Troublemakers around globe getting Trump message
By: GREG COROMBOS
While the media and former Obama administration officials wring their hands over President Trump's tough talk on North Korea, retired Navy Capt. Chuck Nash says the president is not only charting the right policy but is already reaping results from it.
Nash is also blasting the former Obama administration for its handling of the North Korean threat in recent years and its "insane" recommendations now.
Trump roiled the political establishment by promising "fire and fury" in response to any acts of North Korean aggression against the U.S. or its interests. His comments came in the wake of revelations that North Korea has miniature nuclear weapons that can be placed inside missiles.
On Thursday, Trump waved off suggestions that his remarks were too incendiary and even suggested they hadn't gone far enough. But while critics on both sides of the aisle worried that his words were "reckless" and could trigger horrific actions from North Korea, Nash says Trump is playing it exactly right.
"The administration is taking the exact right messaging tone, which is not just to Kim Jong Un. That message is to Russia and specifically to China. And this president is saying, 'Look, if that guy does anything to make me itch, you're not going to like it because we're going to do something,'" said Nash.
Sen. Tom Coburn has come up with the answer to a Washington bureaucracy that doesn't seem to care about the Constitution, or American people: An Article V convention, which he describes in "Smashing the DC Monopoly: Using Article V to Restore Freedom and Stop Runaway Government."
And Nash says it's clear China already got the message. On Thursday, the Chinese announced they would stay neutral in any conflict between the U.S. and North Korea unless the U.S. struck first.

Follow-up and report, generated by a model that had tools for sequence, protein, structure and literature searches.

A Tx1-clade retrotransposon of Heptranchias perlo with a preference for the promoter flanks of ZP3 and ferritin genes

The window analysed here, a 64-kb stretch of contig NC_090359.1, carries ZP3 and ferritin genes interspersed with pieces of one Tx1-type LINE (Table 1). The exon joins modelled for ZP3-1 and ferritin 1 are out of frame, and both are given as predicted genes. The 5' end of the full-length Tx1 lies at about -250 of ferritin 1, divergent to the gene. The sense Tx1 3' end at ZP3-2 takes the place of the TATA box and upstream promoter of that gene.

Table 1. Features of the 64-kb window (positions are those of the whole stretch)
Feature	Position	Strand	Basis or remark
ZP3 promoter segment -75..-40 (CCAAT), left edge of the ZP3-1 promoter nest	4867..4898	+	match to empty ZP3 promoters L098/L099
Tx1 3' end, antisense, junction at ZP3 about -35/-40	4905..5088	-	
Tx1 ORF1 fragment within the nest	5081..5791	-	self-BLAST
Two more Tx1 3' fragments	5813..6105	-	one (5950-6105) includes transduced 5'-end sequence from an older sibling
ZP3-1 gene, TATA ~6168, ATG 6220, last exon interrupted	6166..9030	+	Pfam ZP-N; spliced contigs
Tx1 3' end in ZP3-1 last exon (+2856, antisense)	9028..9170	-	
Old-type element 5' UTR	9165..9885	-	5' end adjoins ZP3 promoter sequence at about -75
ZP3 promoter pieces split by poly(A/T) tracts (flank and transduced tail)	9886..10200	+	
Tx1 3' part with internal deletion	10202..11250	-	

"It's clear that it's working because the Chinese just backed off by telling the North Koreans, 'If you do something stupid, you're going to get the results and we're not going to stand up for you,'" said Nash.
Nash is pleased to see Trump, Secretary of State Rex Tillerson and Defense Secretary James Mattis staying on message. He says everyone underneath them needs to stay on script as well.
"The last thing that the United States needs now is for anybody to break ranks and, as [former British Prime Minister Margaret Thatcher] said to George Bush, 'This is no time to go wobbly.' We don't need that right now. Too much political capital is on the line here," said Nash.
Nash points to a Washington Post story this week revealing the U.S. knew North Korea had deployable miniature nukes four years ago. But instead of confronting the crisis, Obama tried to pretend it didn't exist.
"The Obama administration did everything it could to downplay it and in fact made it disappear because they were trying to pursue a policy of what was termed strategic patience," said Nash.
And he says leaving the nuclear threat unaddressed was a major error.